WSU education professor is an expert on the NHL

Hockey fans are wondering how the U.S. team will fare in the Olympic Winter Games in Turin, Italy.

“Who would win the competition in Turin is anybody’s guess,” said John Wong, associate professor at WSU’s College of Education.

“With 10 out of 23 members having previous Olympic Games experience, the U.S. team will get a good chance in Turin,” he said. “But, unlike the 1998 tournament, the American team is no longer the odds-on favorite, and it is this unpredictability that will make the Olympic hockey competition a most interesting event.”

Wong, author of “Lord of the Rinks: The emergence of the National Hockey League,” defines himself as “merely a student of the history of hockey,” but his research has given him deep knowledge about the history of the NHL and its teams.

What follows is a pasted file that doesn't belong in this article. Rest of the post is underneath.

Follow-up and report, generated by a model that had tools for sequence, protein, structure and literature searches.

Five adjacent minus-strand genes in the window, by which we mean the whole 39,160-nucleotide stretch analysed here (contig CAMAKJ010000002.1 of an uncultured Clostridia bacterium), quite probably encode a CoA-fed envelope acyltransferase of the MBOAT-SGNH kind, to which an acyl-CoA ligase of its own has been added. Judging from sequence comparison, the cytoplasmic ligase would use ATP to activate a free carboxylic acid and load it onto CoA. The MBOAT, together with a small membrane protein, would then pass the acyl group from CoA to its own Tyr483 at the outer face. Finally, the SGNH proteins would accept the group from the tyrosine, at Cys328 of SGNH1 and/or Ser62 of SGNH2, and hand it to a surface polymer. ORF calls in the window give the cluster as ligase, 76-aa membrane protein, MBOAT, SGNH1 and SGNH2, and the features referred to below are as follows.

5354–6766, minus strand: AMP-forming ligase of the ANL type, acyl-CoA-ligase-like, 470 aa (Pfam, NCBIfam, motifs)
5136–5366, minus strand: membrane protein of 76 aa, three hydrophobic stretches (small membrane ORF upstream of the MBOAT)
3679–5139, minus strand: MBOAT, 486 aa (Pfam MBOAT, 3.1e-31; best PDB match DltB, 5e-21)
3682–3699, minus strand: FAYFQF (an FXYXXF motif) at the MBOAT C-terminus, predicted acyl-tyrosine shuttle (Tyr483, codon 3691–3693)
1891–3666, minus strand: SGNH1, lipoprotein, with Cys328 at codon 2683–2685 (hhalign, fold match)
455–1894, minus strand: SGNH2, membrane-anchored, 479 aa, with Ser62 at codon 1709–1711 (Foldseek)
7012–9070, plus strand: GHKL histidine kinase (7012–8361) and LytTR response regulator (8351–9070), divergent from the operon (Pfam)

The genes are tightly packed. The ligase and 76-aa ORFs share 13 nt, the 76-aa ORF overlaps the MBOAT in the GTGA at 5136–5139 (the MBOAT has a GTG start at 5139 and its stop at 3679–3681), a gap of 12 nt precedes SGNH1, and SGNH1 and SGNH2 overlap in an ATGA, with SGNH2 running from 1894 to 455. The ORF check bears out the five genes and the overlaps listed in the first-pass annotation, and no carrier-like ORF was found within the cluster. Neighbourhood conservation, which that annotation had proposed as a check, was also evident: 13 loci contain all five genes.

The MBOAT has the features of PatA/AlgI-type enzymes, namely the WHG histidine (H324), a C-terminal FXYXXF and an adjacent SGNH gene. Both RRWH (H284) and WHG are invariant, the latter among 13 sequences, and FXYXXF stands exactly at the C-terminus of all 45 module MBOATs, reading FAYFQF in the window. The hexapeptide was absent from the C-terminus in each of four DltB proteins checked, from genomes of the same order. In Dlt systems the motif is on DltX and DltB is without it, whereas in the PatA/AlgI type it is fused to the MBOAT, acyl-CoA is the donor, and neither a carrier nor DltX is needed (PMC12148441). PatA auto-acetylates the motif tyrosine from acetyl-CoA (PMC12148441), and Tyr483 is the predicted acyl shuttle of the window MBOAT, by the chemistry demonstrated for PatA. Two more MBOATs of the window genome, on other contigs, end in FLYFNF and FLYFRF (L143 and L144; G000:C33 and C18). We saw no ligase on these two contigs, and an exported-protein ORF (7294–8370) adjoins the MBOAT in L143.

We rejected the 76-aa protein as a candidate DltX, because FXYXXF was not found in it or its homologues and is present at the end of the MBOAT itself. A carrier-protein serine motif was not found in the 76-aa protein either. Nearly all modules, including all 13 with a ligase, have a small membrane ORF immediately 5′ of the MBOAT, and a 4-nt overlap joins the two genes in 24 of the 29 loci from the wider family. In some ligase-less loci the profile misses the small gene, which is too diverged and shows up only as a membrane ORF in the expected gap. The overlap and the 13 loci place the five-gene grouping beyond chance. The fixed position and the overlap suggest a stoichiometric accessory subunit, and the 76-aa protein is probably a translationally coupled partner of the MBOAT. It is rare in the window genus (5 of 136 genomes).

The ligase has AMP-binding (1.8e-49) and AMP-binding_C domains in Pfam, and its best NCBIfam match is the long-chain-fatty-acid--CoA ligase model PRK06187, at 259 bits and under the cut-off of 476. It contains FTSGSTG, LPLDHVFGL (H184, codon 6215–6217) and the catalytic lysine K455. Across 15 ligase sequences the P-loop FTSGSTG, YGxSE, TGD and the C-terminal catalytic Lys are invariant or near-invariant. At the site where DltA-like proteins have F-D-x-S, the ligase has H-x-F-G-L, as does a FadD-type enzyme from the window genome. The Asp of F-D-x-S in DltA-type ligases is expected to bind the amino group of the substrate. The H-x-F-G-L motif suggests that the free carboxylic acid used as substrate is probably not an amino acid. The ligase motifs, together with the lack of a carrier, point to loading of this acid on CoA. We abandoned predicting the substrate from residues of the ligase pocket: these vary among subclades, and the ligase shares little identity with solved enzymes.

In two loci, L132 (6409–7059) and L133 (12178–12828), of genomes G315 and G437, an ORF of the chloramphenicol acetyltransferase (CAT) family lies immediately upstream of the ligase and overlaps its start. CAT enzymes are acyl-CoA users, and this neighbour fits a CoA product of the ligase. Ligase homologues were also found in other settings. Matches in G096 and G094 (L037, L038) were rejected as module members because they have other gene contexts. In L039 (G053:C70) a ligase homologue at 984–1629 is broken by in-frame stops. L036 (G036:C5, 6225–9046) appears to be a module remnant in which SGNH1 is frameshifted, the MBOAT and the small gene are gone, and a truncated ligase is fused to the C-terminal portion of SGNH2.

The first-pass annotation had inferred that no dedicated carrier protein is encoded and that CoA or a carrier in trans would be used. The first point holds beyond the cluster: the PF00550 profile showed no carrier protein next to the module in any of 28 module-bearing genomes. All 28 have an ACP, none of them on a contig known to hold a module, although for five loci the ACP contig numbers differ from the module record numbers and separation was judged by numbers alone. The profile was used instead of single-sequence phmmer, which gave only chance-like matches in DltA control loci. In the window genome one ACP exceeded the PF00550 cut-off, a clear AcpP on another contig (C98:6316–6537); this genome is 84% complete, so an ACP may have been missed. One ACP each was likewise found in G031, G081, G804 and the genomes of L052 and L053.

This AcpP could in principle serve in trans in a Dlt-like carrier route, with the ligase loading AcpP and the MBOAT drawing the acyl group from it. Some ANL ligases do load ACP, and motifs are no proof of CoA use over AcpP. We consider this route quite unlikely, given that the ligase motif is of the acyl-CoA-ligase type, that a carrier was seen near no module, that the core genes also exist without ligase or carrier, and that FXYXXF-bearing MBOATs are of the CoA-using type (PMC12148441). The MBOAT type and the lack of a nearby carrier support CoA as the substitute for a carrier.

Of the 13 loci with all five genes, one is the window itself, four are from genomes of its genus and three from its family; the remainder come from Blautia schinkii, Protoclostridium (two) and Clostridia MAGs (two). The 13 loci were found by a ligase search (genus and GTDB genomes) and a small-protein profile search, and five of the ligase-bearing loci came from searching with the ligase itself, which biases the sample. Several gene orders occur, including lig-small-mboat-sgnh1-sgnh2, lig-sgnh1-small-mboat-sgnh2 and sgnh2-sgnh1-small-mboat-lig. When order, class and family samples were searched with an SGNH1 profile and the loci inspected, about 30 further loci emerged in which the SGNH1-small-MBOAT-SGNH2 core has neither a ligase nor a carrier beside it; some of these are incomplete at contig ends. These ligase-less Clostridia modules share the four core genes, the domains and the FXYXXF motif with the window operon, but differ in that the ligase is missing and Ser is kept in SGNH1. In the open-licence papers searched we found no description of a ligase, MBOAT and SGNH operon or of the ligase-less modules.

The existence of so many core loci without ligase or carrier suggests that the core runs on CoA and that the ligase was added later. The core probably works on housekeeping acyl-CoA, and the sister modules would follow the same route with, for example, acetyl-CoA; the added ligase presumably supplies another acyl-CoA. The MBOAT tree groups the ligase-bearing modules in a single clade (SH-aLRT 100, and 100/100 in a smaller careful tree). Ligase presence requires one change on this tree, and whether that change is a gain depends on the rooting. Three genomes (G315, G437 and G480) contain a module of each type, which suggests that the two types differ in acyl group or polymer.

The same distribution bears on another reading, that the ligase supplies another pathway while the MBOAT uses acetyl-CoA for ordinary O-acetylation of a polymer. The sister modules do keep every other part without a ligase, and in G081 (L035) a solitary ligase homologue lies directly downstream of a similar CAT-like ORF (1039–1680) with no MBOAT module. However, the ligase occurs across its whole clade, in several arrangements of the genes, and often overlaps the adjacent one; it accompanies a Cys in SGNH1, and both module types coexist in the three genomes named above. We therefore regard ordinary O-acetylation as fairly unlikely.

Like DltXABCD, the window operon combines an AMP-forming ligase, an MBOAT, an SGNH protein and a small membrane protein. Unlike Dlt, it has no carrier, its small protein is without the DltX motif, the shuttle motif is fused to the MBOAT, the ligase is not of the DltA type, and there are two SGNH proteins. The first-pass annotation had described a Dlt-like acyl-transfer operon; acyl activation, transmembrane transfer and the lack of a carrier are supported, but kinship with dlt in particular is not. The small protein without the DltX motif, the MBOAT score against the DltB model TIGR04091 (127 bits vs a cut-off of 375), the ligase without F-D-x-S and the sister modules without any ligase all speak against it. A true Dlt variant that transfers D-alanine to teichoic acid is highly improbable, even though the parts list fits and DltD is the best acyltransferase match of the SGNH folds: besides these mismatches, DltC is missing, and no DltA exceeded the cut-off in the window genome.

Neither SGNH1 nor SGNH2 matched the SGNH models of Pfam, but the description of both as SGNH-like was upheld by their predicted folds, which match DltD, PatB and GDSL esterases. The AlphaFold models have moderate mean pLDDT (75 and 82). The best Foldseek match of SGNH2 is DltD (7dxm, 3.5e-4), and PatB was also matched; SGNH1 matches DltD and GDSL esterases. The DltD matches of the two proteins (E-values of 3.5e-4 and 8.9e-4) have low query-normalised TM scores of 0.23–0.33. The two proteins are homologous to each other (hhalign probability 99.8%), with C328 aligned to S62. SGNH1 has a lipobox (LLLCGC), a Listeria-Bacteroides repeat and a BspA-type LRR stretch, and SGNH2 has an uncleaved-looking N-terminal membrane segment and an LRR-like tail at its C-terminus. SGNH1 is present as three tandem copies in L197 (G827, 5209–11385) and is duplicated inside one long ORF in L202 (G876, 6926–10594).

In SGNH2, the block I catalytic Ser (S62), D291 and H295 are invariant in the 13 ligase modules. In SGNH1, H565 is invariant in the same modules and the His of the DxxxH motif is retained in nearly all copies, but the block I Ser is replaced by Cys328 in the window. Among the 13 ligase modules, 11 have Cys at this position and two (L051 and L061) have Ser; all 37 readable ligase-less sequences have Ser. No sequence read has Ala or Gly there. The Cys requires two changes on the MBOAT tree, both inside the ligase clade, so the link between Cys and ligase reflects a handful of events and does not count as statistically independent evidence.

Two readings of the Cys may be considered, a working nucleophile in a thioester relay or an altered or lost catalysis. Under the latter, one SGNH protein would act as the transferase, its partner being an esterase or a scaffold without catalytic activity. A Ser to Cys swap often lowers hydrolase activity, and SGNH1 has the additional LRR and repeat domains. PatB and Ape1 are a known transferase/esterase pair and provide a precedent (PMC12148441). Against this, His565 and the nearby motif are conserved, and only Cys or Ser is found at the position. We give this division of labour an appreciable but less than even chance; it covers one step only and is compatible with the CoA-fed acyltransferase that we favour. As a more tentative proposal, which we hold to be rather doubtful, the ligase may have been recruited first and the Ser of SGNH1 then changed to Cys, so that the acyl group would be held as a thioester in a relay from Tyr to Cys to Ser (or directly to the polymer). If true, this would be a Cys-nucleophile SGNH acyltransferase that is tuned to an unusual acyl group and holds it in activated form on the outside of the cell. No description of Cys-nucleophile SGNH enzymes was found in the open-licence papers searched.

Against the U.S. team stands the fact that Olympic hockey is different than professional hockey as played in the NHL. The National Hockey League game, which most North American fans are familiar with, is a game that involves a lot more body contact.

“In addition, different rules and size of the rink used in Olympic competitions favor European-born NHL players, who grew up using international rules and playing on international size rinks,” Wong said.

“All the top contenders–Canada, the United States, Russia, the Czech Republic, Sweden and Finland–have rosters consisting almost entirely of professional players in the NHL, the dominant if not the premier league in the hockey world. Additionally, these countries have won medals at one Olympic Game or another,” he said.

Hockey is what scholars call a “modern sport,” since it appeared in its organized form in the late nineteenth century.

“Hockey was and has been associated with white masculinity ever since given its potential for, and actual incidents of, aggression and violent confrontations,” Wong said. “Although there had been evidence that women and minorities played hockey early on, the focus, especially by the media, was on men – white men. One can argue that this is still true today.”

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